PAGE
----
French certification authority reveals its private key by mistake

Certigna, a major French certification authority whose certificates are trusted in all of today’s most popular browsers – IE, Firefox, Safari, Opera, and many others – has somehow managed to make its private key accessible via browser for anyone who might be looking.

“A visit to the site’s revocation list page – which is fully publicly accessible via a standard web browser – allows anyone and everyone to download the private key and other supposedly secret files, potentially enabling the creation of their own valid Certigna-signed SSL certificates,” points out Gareth Halfacree.

This private key in the wrong hands can result in malicious pages seemingly possessing valid certificates signed by a trusted certification authority, reassuring potential victims that it’s safe to give out their private or financial information or to download offered files.

According to Halfacree, Certigna has been alerted to the fact and has removed the files in question from the website, but has not offered any comment. Since it’s possible that the private key has been downloaded by malicious individuals, the only thing for Certigna to do is to revoke it and create another, then reissue all the certificates and sign them with the new key.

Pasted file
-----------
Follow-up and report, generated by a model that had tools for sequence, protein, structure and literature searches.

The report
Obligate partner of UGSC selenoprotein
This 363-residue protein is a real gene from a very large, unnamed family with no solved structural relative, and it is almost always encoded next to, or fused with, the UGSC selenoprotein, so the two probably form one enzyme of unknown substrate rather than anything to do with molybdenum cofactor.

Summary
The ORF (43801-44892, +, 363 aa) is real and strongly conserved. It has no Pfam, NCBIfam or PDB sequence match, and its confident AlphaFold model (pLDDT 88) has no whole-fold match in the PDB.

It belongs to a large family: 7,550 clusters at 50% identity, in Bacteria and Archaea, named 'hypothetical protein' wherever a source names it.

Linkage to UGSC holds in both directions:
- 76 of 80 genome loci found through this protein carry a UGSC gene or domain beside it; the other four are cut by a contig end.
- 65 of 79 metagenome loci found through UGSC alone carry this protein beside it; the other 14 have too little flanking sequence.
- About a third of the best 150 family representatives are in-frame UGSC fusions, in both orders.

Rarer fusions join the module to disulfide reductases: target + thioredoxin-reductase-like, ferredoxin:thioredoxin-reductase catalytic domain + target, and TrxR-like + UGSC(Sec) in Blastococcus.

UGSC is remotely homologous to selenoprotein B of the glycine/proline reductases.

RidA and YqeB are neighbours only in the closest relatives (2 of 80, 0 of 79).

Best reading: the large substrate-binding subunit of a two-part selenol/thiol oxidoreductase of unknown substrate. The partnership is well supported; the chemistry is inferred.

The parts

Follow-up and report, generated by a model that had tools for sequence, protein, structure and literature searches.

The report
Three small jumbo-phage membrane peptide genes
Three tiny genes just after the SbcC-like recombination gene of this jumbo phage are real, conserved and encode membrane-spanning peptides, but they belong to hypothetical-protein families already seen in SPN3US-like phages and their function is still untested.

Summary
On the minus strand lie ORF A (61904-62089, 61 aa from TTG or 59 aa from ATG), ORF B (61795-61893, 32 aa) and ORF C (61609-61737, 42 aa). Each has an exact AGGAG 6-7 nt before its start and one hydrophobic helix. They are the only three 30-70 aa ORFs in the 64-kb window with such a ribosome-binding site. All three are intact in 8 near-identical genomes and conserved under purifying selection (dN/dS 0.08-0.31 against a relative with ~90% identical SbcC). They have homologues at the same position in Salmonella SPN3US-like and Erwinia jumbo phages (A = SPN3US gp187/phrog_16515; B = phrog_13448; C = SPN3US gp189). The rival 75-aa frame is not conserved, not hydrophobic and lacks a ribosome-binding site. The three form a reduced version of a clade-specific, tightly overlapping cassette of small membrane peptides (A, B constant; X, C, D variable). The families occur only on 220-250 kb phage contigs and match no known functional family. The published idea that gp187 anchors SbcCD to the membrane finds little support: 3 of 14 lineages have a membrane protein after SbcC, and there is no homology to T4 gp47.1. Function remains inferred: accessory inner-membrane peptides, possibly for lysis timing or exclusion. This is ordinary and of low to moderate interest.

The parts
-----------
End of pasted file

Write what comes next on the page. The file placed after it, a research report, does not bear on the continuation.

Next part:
UPDATE: Certigna has responded to the issues with the following statement:

“The private key available on the server corresponds to a test certificate used on our website It is impossible to generate new valid user certificates from this key. Moreover, it is encrypted and is an SSL certificate expired since July 2010. This key does not affect our infrastructure security. The Certigna SSL authority’s private key is stored in HSM (Hardware Security Module) and hence can never be recovered. This useless file has been removed.”

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